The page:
Schumer Plan Riles Health Insurance Lobby
“Schumer is in fact proposing a real public health insurance plan – government run and a strong competitor with private insurance. And most importantly, Schumer’s vision breaks the monopoly of private insurance, and this is the main standard on which a public health insurance plan proposal should be judged … What is really telling is the reaction of the insurance industry to this compromise:” HCAN’s Jason Rosenbaum
“[Top insurance lobbyist Karen] Ignagni’s sense of fair competition is itself unfair. Ignagni does not want a new public health insurance plan to have any inherent advantages, but she’s insisting that private insurers preserve their advantage to create provider networks and enter or exit markets as they wish, etc. As Schumer pointed out, ‘it’s sort of as if you’re saying well the public advantages we should get rid of, but the private advantages we should keep. Let them compete.’”: Wonk Room’s Igor Volsky
“Insurance Lobby Outlines a Strategic Retreat”: CQ Politics
“On Wednesday, Grassley will join Baucus for a face-to-face meeting with President Obama on health reform at the White House … Grassley wants to stick with Baucus for as long as he can but knows that Democratic leaders such as House Speaker Nancy Pelosi (Calif.), Senate Majority Leader Harry Reid (Nev.) and White House Chief of Staff Rahm Emanuel are waiting in the wings, ready to force through a Democratic bill if a consensus fails to emerge.”: The Hill
Climate Bill May Jump Subcommittee
“Energy and Commerce Chairman Henry Waxman may fast-track his controversial climate change bill, bypassing the political hurdles of the subcommittee. ‘I’m still holding firm on my deadline to get a bill out of committee by the end of May and I believe that will probably require us to go right to the full committee and bypass the subcommittee,’ Waxman told reporters.”: Politico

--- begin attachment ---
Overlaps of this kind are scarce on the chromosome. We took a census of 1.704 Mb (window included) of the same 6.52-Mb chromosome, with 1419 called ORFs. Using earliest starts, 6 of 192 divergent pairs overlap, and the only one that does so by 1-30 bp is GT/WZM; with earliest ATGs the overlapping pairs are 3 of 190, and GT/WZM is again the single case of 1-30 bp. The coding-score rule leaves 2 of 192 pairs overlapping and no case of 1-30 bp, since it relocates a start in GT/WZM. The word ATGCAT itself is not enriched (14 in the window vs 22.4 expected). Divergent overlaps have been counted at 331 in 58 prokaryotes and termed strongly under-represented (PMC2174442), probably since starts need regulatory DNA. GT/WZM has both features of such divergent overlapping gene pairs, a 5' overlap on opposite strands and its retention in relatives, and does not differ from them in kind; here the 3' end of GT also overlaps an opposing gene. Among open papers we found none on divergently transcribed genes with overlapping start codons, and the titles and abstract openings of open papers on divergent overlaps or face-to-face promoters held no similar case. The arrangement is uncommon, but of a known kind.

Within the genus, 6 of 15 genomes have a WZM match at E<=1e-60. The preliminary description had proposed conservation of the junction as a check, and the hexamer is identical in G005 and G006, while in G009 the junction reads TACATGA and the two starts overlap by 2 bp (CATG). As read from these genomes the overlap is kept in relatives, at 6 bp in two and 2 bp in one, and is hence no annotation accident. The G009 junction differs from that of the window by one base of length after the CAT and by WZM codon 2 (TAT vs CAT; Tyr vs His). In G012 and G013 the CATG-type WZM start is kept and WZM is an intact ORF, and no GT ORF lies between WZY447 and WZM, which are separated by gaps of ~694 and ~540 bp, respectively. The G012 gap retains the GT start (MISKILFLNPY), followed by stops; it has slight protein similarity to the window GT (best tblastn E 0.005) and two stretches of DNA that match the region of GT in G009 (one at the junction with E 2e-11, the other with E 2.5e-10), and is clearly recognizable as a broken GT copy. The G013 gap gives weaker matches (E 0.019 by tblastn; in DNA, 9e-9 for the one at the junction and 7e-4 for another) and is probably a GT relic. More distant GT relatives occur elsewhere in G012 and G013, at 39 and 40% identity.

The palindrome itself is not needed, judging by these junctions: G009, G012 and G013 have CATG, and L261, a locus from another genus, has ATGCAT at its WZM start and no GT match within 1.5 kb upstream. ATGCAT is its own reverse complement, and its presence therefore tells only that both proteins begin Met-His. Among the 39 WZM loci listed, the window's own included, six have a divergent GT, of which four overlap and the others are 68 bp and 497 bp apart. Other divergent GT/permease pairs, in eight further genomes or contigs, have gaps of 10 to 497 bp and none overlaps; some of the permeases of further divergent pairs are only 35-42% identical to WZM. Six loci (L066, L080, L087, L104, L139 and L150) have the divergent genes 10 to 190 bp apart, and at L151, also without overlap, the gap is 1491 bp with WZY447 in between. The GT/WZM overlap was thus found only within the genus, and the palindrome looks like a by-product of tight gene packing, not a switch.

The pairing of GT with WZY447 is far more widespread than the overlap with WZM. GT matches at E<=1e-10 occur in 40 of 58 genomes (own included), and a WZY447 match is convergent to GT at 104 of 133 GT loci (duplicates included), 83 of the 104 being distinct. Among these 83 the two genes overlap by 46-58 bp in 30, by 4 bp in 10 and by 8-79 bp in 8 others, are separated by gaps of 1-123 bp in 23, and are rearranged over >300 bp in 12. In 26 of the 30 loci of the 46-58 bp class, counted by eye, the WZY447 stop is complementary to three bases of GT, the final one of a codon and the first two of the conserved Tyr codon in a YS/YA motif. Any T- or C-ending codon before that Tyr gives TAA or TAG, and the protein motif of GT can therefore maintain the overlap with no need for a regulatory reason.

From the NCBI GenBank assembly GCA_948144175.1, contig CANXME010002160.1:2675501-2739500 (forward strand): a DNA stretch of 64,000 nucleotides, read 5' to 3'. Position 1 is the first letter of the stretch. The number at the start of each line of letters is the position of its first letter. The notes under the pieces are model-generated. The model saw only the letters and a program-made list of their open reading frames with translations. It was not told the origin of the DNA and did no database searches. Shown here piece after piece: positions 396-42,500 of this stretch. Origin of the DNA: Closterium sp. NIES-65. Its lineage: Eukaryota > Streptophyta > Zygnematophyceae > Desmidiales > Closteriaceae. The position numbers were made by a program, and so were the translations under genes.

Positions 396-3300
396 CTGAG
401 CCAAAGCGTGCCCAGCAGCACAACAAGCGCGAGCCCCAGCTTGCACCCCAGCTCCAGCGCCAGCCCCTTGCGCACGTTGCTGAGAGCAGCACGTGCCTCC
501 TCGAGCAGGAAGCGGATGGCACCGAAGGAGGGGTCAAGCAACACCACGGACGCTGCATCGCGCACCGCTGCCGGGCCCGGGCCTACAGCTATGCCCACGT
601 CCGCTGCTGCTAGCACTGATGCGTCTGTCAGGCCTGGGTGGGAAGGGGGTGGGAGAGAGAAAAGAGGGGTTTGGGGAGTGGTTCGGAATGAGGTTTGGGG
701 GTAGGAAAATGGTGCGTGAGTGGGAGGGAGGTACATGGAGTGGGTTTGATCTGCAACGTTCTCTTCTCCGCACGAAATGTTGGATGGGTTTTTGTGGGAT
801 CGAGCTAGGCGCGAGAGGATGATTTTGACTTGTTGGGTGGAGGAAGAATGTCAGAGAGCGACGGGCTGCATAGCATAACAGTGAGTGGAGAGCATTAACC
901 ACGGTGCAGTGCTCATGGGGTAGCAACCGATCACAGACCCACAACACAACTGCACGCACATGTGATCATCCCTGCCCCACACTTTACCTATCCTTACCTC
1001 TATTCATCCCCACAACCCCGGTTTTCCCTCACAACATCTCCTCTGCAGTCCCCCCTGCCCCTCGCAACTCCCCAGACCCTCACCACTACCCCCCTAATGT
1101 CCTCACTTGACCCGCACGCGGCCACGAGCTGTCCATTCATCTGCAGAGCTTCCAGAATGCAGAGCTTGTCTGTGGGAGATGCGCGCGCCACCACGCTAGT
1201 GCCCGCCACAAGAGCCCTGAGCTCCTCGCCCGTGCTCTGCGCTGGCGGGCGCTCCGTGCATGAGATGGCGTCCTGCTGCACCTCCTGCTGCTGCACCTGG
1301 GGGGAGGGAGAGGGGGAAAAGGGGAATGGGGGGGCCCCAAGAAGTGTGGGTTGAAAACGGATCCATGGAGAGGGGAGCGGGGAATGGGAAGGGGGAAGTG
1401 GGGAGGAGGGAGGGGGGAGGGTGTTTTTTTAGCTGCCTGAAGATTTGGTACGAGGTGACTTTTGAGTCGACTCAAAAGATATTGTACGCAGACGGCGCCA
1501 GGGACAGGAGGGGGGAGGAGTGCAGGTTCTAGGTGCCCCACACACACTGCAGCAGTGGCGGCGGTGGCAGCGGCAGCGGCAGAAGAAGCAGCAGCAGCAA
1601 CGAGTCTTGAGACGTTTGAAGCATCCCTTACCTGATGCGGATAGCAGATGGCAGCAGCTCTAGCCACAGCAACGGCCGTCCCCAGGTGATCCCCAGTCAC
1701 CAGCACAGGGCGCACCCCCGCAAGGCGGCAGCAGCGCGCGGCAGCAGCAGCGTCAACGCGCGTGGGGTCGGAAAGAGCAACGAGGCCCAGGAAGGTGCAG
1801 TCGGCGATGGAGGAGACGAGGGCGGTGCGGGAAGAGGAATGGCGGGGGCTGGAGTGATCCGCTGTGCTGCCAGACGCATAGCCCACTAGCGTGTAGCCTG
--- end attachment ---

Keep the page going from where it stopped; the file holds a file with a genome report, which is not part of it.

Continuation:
“The Democrats also confirmed a published report that the White House was interested in linking support for a climate change bill with a separate plan to expand domestic energy production. But Waxman declined to elaborate, saying energy production is not in his committee’s jurisdiction; the matter would rest with the Natural Resources Committee.”: Greenwire
“NRDC took a look at the [Chamber of Commerce] board of directors and their public positions on global warming and gee, what we found… it turns out that the staff of the U.S. Chamber appears to be projecting the views held by a tiny sliver of its board of directors – just four out of 122 members on the board. The Chamber’s oft-stated views, which question the scientific consensus on climate change and reject the need for federal regulation to reduce global warming pollution, stand in sharp contrast to the views expressed by 19 members of the Chamber’s board that support federal regulations with goals to reduce total US global warming pollution. You read that right: only 23 members of the U.S. Chamber’s board have a publicly stated position on climate change and more than 80 percent are not on board with the U.S. Chamber’s ‘Dr. No’ position on climate policy action.”: Switchboard’s Pete Altman.